About the Author
Sean M. Burke is an active member in the Perl community and one of CPAN's most prolific module authors. He has been a columnist for The Perl Journal since 1998, and is an authority on markup languages. Trained as a linguist, he also develops tools for software internationalization and native language preservation. Sean is also the author of O'Reilly's Perl & LWP.
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This book is a convenient reference for Rich Text Format (RTF). It covers the essentials of RTF, especially the parts that you need to know if youre writing a program to generate RTF files. This book is also a useful introduction to parsing RTF, although that is a more complex task.
RTF is a document format. RTF is not intended to be a markup language anyone would use for coding entire documents by hand (although it has been done!). Instead, its meant to be a format for document data that all sorts of programs can read and write. For example, if you even just skim this book, you should be able to write a program (in the programming language of your choice) that can analyze the contents of a database and produce a summary of it as an RTF document with whatever kinds of formatting you want. The flexibility of RTF makes it an ideal format for everything from generating invoices or sales reports, to producing dictionaries based on databases of words.
This book is not a complete reference to every last feature of RTF; Microsofts comprehensive but terse Rich Text Format (RTF) Specification is the closest you will find to that. In the Microsoft Knowledgebase at support.microsoft.com, its access number is 269575. Version 1.5 of the specification and before are more verbose, and might be more useful. Microsoft doesnt distribute copies of them anymore, but you can find them allover the Internet by running a search on "Rich Text Format (RTF) Specification" in Google or a similar search engine.
RTF is a handy format for several reasons. RTF is a mature format. RTFs syntax is stable and straightforward, and its specification has existed for over a decadean eternity in computer years. In fact, while there has been a proliferation of incompatible binary formats calling themselves "Microsoft Word file format," RTF has stayed the course and evolved along backwardcompatible lines. That means if you generate an RTF file today, you should be able to read it in 10 years, and you should have no trouble reading an RTF file generated 10 years ago.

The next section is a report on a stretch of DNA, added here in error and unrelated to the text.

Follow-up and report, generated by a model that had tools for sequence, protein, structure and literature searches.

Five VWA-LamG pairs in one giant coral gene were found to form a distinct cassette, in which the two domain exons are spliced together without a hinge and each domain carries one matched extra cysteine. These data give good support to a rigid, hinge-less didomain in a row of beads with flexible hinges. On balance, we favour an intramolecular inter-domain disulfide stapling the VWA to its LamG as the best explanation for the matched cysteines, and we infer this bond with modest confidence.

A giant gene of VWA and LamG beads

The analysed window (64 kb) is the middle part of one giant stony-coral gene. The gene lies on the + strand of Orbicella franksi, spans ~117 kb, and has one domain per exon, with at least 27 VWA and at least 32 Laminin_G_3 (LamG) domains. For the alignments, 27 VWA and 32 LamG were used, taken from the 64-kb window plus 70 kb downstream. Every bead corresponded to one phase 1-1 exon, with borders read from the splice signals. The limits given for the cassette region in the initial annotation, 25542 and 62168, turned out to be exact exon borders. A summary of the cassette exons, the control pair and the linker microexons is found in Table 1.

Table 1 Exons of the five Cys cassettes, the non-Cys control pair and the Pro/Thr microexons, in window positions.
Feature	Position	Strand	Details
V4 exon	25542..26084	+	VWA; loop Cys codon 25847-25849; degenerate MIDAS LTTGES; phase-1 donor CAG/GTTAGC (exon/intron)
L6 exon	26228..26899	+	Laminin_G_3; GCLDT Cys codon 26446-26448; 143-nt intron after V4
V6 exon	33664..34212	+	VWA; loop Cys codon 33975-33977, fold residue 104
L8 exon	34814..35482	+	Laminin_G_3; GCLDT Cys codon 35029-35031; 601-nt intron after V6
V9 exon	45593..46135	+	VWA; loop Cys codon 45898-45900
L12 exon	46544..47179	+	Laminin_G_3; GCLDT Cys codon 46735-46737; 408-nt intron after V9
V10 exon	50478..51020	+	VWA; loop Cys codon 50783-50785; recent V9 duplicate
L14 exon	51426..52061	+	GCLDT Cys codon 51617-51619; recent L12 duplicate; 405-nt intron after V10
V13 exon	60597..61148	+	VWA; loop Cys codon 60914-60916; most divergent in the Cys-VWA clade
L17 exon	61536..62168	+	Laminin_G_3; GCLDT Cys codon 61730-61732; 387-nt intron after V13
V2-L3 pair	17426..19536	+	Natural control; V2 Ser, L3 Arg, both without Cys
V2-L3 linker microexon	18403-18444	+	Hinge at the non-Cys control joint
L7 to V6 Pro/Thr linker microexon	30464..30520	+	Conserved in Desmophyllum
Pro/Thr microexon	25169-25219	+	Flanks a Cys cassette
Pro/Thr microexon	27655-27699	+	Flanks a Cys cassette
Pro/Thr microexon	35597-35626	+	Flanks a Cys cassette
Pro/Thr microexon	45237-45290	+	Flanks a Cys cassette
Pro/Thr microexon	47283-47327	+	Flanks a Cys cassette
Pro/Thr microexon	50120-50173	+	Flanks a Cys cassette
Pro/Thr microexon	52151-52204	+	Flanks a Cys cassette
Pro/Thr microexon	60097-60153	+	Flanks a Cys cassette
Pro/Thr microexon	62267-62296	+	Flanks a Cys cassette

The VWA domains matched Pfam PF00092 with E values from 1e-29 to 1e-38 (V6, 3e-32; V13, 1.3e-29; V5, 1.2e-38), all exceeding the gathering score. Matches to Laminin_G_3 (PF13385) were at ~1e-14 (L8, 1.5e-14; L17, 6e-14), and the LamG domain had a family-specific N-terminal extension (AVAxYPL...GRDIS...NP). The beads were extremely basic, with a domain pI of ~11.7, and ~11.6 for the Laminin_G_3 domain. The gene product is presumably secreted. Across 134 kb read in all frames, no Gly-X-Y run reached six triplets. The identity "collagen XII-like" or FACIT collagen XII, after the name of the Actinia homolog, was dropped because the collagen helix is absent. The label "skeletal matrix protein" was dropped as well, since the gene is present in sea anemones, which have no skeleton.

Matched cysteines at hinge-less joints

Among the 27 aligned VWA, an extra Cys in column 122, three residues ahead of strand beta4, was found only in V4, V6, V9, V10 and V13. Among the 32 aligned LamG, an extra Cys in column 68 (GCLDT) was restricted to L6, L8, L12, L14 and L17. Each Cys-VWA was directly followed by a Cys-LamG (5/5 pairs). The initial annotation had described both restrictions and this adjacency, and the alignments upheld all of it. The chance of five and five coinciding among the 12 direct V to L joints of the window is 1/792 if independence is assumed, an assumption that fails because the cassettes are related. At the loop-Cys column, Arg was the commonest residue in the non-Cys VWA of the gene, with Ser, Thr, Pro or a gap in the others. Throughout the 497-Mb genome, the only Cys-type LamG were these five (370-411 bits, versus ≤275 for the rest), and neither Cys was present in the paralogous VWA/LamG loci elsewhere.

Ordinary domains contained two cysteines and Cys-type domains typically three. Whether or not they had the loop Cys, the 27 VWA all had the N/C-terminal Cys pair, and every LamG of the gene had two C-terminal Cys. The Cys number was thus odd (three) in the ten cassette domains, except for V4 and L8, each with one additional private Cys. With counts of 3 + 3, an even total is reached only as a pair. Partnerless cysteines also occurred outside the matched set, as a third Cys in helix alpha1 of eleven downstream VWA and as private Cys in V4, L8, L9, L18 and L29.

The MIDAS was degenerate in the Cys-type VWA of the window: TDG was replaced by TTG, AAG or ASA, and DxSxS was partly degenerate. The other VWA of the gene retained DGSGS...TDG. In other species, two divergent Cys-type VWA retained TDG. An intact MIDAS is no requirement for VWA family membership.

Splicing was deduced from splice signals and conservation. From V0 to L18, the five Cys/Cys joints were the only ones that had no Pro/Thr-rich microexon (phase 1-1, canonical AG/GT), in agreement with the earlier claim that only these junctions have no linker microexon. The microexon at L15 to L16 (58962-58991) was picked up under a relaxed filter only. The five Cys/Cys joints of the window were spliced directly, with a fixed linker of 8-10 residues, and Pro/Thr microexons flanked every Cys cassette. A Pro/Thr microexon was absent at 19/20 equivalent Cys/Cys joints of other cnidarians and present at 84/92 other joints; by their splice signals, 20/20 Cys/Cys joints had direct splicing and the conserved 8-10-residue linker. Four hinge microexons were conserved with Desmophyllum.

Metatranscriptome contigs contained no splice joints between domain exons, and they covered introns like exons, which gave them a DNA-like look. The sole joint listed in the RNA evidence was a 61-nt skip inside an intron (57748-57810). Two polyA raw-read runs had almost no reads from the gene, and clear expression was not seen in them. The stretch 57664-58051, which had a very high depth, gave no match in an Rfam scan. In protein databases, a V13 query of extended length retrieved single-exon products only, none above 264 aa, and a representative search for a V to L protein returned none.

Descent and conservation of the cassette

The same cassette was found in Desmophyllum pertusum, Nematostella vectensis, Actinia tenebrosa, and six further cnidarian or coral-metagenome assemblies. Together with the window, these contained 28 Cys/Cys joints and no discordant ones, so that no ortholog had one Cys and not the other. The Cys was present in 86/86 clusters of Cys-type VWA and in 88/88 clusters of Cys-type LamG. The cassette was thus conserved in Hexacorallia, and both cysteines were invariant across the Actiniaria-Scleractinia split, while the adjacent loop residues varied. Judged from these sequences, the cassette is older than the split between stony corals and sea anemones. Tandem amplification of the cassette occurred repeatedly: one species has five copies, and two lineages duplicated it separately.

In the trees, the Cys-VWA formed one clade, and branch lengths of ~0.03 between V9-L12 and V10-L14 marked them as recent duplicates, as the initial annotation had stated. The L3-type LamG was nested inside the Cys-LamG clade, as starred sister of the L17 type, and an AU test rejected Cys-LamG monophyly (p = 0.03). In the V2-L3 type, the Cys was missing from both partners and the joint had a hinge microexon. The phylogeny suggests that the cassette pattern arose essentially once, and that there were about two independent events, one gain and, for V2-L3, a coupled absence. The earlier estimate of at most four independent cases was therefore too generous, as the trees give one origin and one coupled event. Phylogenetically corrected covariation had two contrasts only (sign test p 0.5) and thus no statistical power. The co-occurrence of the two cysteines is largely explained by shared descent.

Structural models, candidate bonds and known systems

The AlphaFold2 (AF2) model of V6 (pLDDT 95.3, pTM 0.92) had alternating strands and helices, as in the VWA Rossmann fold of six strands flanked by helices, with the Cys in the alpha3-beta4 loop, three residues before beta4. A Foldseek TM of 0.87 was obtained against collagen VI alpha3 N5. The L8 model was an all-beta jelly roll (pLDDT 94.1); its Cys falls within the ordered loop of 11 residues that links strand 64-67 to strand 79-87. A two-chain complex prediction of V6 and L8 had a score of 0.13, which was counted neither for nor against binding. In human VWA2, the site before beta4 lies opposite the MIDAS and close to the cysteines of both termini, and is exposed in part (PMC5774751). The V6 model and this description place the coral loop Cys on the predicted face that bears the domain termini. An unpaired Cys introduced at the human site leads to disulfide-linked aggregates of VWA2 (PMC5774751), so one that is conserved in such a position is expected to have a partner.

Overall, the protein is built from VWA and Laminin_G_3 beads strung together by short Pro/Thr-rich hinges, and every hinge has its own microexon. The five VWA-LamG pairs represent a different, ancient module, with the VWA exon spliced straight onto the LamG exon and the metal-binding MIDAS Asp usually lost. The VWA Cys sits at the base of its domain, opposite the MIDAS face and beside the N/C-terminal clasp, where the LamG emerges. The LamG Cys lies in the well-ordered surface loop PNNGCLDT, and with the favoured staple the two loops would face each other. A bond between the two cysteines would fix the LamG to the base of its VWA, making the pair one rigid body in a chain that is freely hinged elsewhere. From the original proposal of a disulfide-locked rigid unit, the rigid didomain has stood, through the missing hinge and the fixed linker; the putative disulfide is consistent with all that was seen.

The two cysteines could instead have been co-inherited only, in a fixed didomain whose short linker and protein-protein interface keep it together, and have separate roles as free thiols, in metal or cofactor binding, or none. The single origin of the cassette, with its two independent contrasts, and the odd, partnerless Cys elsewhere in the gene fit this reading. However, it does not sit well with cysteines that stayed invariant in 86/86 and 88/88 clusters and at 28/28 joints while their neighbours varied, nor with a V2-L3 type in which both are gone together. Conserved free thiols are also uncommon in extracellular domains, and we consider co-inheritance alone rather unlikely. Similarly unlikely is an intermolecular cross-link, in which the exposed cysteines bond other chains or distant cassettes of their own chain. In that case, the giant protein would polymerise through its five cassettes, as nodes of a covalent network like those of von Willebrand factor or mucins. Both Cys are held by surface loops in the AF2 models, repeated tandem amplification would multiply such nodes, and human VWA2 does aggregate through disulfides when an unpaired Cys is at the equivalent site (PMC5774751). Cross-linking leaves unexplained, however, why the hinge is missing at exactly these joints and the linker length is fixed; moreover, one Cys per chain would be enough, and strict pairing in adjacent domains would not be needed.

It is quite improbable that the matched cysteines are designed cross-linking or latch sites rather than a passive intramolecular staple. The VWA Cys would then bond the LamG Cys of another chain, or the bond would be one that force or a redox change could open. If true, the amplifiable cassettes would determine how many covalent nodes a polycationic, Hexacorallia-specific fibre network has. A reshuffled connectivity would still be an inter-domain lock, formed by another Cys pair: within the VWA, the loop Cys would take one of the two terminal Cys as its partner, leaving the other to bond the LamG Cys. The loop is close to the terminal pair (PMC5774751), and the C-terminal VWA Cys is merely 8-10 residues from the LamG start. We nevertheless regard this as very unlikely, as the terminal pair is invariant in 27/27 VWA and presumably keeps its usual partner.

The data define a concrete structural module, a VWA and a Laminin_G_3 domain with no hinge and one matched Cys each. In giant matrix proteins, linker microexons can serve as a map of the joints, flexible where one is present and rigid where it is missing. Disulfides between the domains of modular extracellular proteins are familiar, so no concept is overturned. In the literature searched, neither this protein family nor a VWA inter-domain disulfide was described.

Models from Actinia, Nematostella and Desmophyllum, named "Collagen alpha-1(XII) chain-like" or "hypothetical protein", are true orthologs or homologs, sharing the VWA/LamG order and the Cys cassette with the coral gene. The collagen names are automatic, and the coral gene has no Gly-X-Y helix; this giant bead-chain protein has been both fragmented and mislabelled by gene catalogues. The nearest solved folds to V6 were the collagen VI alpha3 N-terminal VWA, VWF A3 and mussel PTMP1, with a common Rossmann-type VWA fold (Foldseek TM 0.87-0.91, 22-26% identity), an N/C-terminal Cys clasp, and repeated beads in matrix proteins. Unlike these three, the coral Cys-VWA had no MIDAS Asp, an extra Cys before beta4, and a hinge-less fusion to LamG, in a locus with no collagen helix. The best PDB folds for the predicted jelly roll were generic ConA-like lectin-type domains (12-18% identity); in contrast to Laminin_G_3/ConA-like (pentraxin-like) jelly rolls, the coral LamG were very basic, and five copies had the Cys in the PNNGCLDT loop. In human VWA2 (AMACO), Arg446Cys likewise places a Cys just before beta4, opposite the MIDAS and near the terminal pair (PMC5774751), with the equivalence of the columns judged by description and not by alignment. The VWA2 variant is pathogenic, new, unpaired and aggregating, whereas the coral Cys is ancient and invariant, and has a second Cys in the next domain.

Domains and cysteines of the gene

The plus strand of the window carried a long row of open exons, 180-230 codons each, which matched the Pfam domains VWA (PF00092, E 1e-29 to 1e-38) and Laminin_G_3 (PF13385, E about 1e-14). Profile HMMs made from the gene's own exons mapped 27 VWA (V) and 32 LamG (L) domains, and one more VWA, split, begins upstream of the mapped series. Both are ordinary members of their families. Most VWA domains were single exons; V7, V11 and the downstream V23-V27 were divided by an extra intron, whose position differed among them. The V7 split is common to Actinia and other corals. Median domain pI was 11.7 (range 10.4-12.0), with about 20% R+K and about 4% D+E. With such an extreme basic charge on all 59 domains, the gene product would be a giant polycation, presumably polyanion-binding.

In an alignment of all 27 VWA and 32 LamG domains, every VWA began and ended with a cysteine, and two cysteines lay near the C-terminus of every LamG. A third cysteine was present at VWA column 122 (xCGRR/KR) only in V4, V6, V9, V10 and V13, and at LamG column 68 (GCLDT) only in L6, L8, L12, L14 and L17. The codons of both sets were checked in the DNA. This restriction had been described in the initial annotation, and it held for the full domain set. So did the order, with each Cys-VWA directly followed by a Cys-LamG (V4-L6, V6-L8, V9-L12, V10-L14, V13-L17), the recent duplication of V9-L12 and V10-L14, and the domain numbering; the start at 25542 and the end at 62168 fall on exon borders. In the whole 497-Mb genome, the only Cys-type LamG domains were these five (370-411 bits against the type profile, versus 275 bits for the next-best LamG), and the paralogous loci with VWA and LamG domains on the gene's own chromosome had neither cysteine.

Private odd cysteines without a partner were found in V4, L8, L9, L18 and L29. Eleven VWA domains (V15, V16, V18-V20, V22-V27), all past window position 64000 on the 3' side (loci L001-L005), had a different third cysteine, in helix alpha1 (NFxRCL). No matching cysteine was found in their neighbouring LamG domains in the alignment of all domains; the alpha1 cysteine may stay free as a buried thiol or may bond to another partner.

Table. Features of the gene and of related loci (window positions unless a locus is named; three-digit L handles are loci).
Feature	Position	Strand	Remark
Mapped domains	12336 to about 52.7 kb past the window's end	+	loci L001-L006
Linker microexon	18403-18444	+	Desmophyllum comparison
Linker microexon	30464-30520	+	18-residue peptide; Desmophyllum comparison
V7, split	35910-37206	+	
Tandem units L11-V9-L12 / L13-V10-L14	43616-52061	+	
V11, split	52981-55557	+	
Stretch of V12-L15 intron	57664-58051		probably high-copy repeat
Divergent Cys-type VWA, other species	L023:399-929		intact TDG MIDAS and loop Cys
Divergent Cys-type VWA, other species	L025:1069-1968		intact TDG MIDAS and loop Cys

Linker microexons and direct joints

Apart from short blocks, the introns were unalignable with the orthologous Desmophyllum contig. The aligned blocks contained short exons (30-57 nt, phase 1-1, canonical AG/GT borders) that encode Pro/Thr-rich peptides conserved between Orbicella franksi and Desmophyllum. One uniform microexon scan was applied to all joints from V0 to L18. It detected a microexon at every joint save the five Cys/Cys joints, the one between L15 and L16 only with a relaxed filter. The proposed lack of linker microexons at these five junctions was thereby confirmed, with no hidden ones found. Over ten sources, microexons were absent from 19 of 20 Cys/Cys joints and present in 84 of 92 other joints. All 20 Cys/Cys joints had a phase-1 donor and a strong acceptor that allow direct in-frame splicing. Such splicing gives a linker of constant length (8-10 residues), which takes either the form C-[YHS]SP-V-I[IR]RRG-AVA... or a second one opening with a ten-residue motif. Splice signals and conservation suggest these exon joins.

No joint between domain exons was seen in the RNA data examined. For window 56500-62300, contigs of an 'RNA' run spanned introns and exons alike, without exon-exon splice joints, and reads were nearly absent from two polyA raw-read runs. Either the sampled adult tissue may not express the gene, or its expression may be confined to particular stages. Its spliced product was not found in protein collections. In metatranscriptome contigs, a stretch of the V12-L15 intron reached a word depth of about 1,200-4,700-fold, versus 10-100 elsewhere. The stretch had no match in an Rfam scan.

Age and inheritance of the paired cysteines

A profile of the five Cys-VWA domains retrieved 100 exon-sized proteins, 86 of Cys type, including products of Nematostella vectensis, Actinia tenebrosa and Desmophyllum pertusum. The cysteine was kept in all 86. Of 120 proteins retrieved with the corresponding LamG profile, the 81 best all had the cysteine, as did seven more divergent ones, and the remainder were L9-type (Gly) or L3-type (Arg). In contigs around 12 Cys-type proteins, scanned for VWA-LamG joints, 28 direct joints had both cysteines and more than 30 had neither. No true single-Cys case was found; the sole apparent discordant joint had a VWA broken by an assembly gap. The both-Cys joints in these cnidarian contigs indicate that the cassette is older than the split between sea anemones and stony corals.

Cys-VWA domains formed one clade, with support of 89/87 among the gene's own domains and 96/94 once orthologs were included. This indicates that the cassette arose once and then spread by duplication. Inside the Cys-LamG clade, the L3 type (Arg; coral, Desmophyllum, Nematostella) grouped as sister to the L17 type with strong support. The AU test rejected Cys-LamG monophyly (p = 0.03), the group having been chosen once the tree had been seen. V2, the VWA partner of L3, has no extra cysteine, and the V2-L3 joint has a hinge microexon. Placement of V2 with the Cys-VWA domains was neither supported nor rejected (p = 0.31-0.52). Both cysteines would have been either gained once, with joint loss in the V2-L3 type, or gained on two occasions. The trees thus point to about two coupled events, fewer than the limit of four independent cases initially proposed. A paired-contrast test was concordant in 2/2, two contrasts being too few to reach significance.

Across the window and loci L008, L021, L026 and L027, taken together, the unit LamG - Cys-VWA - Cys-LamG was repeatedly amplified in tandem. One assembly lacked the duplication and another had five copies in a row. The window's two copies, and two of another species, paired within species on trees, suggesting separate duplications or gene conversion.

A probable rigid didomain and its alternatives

Many applications understand RTF. Since RTF has been around for so long, just about every word processor since the late 1980s can understand it. While not every word processor understands every RTF feature perfectly, most of them understand the RTF commands discussed in this book quite well. Moreover, RTF is the data format for "rich text controls" in MSWindows APIs; RTF-rendering APIs are part of the Carbon/Cocoa APIs in Mac OS X; and you can even read RTF documents on iPods, Apples portable music players.
Most people have the software to read RTF. That is, if you email an RTF file to a dozen people you know, chances are that almost all of them can read it with a word processor already on their system, whether its MSWord, some other word processor (ABIWord, StarOffice, Text-Edit), or just the RTF-literate write.exe that has been part of MSWindows since at least Windows 98.
In RTF, format control is straightforward. In HTML, if you want to control the size and style of text or the positioning and justification of paragraphs, the best you can do istry a long detour through CSS, a standard that is erratically implemented even today. In RTF, font size and style, paragraph indenting, page breaks, page numbering, page headers and footers, widow-and-orphan control, and dozens of other features are each a single, simple command.
RTF is a multilingual format. RTF now supports Unicode, so it can represent text in just about every human language ever written.
RTF is easy to generate. You can produce RTF without any knowledge of the font metrics needed for Adobe PostScript or PDF. In addition, since RTF files are text files, its easy to produce RTF with a program in any programming language, whether its Perl, Java, C++, Pascal, COBOL, Lisp, or anything in between.